Stack Overflow is a community of 4.7 million programmers, just like you, helping each other.

Join them; it only takes a minute:

Sign up
Join the Stack Overflow community to:
  1. Ask programming questions
  2. Answer and help your peers
  3. Get recognized for your expertise

I have a data.table and I need to add additional column that is a ratio between labels == 1 and labels == 2 for same cID. I have the code that can do that but the results is the reduced form according to the number of unique "l". But I need a full list with duplicates. Any suggestions? Thank's in advance!

x   y   l   cID
0.03588851  0.081635056 1   1
0.952514891 0.82677373  1   1
0.722920691 0.687278396 1   1
0.772207687 0.743329599 2   1
0.682710551 0.946685728 1   2
0.795816439 0.024320077 2   2
0.50788885  0.106910923 2   2
0.145871035 0.802771467 2   2
0.092942384 0.335054397 1   3
0.439765866 0.199329139 1   4

to reproduce

x = c(0.03588851,0.952514891,0.722920691,0.772207687,0.682710551,0.795816439,0.50788885,0.145871035,0.092942384,0.439765866)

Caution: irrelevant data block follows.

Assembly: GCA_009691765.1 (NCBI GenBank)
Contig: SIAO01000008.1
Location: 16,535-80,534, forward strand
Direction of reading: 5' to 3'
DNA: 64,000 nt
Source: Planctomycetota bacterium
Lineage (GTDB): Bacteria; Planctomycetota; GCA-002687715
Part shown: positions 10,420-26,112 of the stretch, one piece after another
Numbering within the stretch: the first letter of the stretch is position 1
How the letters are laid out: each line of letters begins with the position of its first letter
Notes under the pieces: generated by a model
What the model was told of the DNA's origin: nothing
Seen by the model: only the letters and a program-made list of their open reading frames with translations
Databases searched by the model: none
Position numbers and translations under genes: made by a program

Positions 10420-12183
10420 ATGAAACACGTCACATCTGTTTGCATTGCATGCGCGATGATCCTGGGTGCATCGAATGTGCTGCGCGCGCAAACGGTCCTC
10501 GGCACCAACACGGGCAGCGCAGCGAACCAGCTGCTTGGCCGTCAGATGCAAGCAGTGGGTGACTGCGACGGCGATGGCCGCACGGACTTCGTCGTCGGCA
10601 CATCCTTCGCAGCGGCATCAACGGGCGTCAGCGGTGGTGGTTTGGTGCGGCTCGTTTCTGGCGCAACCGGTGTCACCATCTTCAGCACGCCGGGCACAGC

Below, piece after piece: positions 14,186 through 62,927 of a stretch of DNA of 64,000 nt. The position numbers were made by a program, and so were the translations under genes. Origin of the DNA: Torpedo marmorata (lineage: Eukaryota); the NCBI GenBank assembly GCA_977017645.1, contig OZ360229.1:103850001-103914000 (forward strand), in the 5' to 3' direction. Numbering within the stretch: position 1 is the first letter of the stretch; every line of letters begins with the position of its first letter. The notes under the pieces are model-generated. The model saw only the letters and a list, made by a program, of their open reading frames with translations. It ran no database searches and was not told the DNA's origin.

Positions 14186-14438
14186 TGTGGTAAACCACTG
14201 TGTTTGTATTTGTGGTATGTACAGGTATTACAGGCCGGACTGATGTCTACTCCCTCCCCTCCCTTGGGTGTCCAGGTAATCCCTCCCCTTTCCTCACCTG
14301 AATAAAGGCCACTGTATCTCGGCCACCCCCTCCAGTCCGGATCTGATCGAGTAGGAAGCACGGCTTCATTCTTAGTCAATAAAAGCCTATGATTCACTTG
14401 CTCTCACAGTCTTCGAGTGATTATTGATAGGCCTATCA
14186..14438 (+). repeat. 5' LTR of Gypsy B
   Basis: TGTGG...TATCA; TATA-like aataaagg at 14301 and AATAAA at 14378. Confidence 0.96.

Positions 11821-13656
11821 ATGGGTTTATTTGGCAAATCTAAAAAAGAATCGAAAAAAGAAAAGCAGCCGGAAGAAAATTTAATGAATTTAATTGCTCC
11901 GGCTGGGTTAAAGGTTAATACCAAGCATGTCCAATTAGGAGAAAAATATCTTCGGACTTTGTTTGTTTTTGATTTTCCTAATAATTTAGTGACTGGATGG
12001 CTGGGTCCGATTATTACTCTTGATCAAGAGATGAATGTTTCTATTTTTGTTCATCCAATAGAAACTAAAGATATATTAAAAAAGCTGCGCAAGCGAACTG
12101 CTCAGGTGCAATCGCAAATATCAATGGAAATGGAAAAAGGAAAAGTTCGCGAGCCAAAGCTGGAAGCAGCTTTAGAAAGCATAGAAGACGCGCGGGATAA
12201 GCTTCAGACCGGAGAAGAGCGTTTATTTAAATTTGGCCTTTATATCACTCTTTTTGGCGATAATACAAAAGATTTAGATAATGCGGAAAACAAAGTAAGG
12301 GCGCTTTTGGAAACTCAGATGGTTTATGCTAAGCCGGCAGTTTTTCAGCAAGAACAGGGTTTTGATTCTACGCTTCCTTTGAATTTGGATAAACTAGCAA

y = c(0.081635056,0.82677373,0.687278396,0.743329599,0.946685728,0.024320077,0.106910923,0.802771467,0.335054397,0.199329139)
l = c(1,1,1,2,1,2,2,2,1,1)
cID = c(1,1,1,1,2,2,2,2,3,4)
dt <- data.table(x,y,l,cID)
dt[,sum(l == 1)/sum(l == 2), by = cID]

I need to obtain the ratio column that looks like this

x   y   l   cID ratio
0.03588851  0.081635056 1   1   3
0.952514891 0.82677373  1   1   3
0.722920691 0.687278396 1   1   3
0.772207687 0.743329599 2   1   3
0.682710551 0.946685728 1   2   0.333333333
0.795816439 0.024320077 2   2   0.333333333
0.50788885  0.106910923 2   2   0.333333333
0.145871035 0.802771467 2   2   0.333333333
0.092942384 0.335054397 1   3   Inf
0.439765866 0.199329139 1   4   Inf
share|improve this question
up vote 3 down vote accepted

You were pretty close. Try this:

dt[, ratio := sum(l == 1) / sum(l == 2), by = cID]
share|improve this answer
    
YEAH! thank's! Will it work with unsorted data? – John Amraph Aug 18 '13 at 15:05
    
It does not make use of the data's order. Its just a ratio of sums. – G. Grothendieck Aug 18 '13 at 16:09
    
@JohnAmraph If you mean if the groups aren't together but jumbled up, will it still work? Yes. In that case you can think of each group being copied out to a contiguous chunk, the sum or order dependent cumsum for example ran on that, and then the result put back on the rows where the groups originally were. If that makes sense. – Matt Dowle Aug 20 '13 at 0:22
    
Everything working as expected. thank you! – John Amraph Aug 20 '13 at 8:44

Your Answer

 
discard

By posting your answer, you agree to the privacy policy and terms of service.

Not the answer you're looking for? Browse other questions tagged or ask your own question.